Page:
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Is there a more efficient way to clamp real numbers than using if statements or ternary operators? I want to do this both for doubles and for a 32-bit fixpoint implementation (16.16). I'm not asking for code that can handle both cases; they will be handled in separate functions.

Obviously, I can do something like:

double clampedA;
double a = calculate();
clampedA = a > MY_MAX ? MY_MAX : a;
clampedA = a < MY_MIN ? MY_MIN : a;


double a = calculate();
double clampedA = a;
if(clampedA > MY_MAX)
    clampedA = MY_MAX;
else if(clampedA < MY_MIN)
    clampedA = MY_MIN;

The fixpoint version would use functions/macros for comparisons.

This is done in a performance-critical part of the code, so I'm looking for an as efficient way to do it as possible (which I suspect would involve bit-manipulation)

EDIT: It has to be standard/portable C, platform-specific functionality is not of any interest here. Also, MY_MIN and MY_MAX are the same type as the value I want clamped (doubles in the examples above).

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I know it has been two and a half years since you asked this question, but I hope you check my answer - a 3x improvement is significant. – Mark Ransom Sep 16 '11 at 3:31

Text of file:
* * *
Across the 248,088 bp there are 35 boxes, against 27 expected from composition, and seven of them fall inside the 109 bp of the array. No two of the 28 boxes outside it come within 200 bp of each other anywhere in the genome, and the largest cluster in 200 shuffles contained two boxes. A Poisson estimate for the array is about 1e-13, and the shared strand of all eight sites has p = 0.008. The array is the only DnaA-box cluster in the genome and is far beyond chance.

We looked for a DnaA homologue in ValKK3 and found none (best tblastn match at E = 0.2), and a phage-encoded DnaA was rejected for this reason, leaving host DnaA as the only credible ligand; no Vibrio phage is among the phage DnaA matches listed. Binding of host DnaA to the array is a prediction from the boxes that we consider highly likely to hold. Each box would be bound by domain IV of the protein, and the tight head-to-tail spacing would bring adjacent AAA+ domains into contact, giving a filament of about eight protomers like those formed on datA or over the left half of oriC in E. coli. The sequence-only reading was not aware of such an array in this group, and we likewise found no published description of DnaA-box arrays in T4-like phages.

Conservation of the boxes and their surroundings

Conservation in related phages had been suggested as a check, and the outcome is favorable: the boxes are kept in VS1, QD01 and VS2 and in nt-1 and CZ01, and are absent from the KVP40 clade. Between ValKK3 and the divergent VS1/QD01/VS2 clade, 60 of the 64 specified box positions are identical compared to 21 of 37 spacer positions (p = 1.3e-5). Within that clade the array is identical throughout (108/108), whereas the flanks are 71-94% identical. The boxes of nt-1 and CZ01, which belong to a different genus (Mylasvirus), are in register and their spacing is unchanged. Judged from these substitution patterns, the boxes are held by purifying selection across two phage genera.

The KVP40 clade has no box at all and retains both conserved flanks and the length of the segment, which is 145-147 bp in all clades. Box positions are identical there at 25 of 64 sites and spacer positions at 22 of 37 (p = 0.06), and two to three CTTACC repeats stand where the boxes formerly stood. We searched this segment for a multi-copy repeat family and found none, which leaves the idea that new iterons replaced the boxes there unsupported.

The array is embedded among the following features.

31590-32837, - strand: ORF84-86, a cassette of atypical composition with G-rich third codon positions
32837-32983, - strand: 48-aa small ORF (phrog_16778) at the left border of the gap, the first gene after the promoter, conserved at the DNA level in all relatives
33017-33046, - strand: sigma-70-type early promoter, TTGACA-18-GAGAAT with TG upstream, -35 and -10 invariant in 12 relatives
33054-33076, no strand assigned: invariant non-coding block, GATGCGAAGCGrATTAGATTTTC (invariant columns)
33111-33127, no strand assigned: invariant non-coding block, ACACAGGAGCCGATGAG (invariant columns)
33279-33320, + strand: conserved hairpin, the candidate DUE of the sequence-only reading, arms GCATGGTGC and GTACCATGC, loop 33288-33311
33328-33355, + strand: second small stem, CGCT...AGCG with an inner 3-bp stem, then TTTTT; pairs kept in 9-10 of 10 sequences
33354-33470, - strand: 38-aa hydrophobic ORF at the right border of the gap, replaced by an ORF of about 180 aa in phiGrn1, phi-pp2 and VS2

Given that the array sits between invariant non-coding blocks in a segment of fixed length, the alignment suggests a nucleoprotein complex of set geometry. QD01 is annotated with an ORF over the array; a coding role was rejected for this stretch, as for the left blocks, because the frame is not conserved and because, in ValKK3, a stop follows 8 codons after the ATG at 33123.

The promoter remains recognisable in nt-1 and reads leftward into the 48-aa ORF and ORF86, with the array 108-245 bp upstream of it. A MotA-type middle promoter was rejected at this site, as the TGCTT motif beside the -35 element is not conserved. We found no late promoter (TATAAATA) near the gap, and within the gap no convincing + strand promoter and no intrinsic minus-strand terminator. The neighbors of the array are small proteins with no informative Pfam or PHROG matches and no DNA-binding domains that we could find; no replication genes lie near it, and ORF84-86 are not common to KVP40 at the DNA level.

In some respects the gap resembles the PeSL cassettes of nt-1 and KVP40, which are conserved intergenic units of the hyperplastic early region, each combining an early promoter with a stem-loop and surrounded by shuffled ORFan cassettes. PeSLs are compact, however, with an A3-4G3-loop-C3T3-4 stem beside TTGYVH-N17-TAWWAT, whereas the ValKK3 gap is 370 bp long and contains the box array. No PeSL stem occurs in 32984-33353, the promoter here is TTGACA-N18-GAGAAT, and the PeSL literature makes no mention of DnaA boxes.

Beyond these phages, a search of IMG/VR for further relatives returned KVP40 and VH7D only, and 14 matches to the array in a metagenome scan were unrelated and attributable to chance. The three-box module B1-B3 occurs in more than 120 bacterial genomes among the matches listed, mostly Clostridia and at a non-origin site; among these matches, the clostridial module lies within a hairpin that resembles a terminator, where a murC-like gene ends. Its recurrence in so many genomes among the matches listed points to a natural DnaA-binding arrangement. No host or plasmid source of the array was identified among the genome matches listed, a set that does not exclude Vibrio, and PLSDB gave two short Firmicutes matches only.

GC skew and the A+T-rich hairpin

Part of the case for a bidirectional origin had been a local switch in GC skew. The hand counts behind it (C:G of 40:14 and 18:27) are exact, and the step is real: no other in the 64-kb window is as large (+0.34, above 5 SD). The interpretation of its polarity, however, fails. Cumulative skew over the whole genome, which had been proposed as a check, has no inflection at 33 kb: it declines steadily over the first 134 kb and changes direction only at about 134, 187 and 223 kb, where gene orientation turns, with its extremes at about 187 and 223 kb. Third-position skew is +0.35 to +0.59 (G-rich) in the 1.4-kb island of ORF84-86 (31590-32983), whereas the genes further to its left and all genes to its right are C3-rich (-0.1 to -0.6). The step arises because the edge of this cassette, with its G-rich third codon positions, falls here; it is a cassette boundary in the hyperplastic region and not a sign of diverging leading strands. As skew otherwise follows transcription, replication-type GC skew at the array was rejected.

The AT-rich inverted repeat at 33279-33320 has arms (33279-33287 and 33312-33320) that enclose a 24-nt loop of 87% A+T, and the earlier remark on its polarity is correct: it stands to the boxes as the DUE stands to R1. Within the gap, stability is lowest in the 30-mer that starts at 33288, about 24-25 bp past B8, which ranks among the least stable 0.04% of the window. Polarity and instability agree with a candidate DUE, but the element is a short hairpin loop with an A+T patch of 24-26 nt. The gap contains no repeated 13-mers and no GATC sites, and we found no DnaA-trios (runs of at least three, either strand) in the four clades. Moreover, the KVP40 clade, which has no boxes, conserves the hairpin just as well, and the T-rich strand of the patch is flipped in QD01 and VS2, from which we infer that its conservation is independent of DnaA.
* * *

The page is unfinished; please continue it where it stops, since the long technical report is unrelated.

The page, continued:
14 Answers 14

up vote 8 down vote accepted

For the 16.16 representation, the simple ternary is unlikely to be bettered speed-wise.

And for doubles, because you need it standard/portable C, bit-fiddling of any kind will end badly.

Even if a bit-fiddle was possible (which I doubt), you'd be relying on the binary representation of doubles. THIS (and their size) IS IMPLEMENTATION-DEPENDENT.

Possibly you could "guess" this using sizeof(double) and then comparing the layout of various double values against their common binary representations, but I think you're on a hiding to nothing.

The best rule is TELL THE COMPILER WHAT YOU WANT (ie ternary), and let it optimise for you.

EDIT: Humble pie time. I just tested quinmars idea (below), and it works - if you have IEEE-754 floats. This gave a speedup of about 20% on the code below. IObviously non-portable, but I think there may be a standardised way of asking your compiler if it uses IEEE754 float formats with a #IF...?

  double FMIN = 3.13;
  double FMAX = 300.44;

  double FVAL[10] = {-100, 0.23, 1.24, 3.00, 3.5, 30.5, 50 ,100.22 ,200.22, 30000};
  uint64  Lfmin = *(uint64 *)&FMIN;
  uint64  Lfmax = *(uint64 *)&FMAX;

    DWORD start = GetTickCount();